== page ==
If only cranks find the tabulations strange, put me down as a crank.
To say out-loud that you find the results of the 2020 presidential election odd is to invite derision. You must be a crank or a conspiracy theorist. Mark me down as a crank, then. I am a pollster and I find this election to be deeply puzzling. I also think that the Trump campaign is still well within its rights to contest the tabulations. Something very strange happened in America’s democracy in the early hours of Wednesday November 4 and the days that followed. It’s reasonable for a lot of Americans to want to find out exactly what.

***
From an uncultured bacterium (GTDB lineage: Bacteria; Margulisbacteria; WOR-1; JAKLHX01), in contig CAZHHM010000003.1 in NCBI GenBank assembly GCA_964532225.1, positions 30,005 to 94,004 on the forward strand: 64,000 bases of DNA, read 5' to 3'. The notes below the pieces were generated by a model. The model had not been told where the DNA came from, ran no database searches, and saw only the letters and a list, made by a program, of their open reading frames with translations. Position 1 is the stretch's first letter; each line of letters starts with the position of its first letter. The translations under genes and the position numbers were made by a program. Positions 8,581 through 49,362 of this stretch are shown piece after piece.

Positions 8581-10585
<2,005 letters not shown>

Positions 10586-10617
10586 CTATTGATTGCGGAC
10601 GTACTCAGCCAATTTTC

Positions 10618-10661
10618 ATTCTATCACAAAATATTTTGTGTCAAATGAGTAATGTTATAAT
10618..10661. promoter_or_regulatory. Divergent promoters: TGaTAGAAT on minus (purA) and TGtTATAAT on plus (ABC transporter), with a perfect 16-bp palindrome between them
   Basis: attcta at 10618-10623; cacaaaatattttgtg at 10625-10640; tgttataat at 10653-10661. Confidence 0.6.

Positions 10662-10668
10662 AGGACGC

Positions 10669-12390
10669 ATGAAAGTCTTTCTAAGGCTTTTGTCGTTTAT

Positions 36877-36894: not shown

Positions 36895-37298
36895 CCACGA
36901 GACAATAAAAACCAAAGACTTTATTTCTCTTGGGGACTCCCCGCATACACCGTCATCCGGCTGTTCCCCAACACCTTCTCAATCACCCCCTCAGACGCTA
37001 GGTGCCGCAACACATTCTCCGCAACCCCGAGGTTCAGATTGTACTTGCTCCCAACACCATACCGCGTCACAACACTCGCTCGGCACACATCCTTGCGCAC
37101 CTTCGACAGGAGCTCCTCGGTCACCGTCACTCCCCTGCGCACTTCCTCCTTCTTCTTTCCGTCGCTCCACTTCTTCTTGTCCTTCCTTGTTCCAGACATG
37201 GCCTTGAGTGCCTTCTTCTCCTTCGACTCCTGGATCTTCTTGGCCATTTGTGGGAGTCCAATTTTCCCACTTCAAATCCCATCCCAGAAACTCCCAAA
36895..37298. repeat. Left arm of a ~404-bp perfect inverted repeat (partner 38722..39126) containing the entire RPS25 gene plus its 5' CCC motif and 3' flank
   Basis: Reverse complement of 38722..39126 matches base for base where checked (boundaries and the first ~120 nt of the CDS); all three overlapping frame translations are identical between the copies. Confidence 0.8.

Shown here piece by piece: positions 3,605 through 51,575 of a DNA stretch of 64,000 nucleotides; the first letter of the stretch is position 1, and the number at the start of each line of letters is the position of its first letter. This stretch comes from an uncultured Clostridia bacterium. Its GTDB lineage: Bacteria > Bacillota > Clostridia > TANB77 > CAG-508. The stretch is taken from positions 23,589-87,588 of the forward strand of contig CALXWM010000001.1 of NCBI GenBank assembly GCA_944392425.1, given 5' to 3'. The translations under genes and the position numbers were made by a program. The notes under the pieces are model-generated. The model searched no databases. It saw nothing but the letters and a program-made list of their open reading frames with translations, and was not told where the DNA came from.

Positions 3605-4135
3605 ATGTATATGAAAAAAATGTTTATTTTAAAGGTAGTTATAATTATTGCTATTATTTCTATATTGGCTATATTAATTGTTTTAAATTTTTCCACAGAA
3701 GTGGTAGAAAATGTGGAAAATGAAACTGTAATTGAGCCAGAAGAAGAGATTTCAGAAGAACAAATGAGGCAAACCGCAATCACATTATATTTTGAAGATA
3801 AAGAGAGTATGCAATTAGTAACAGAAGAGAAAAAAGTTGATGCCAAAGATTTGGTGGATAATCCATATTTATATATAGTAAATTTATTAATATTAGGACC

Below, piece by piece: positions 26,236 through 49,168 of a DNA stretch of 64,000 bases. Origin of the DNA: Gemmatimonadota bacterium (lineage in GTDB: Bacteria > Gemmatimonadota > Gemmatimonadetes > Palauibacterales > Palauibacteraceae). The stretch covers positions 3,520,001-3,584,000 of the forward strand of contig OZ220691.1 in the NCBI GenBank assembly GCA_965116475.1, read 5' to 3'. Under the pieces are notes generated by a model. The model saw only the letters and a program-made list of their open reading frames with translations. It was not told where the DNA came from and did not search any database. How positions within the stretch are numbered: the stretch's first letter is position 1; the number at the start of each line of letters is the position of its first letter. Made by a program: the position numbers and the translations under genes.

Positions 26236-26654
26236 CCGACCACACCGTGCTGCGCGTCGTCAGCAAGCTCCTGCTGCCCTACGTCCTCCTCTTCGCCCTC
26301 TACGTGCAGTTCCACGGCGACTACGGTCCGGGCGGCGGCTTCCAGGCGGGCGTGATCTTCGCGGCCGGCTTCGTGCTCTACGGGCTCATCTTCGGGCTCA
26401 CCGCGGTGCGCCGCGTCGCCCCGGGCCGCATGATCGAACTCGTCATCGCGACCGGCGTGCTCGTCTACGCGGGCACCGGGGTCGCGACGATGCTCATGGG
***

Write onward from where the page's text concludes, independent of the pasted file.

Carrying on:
First, consider some facts. President Trump received more votes than any previous incumbent seeking reelection. He got 11 million more votes than in 2016, the third largest rise in support ever for an incumbent. By way of comparison, President Obama was comfortably reelected in 2012 with 3.5 million fewer votes than he received in 2008.
Trump’s vote increased so much because, according to exit polls, he performed far better with many key demographic groups. Ninety-five percent of Republicans voted for him. He did extraordinarily well with rural male working-class whites.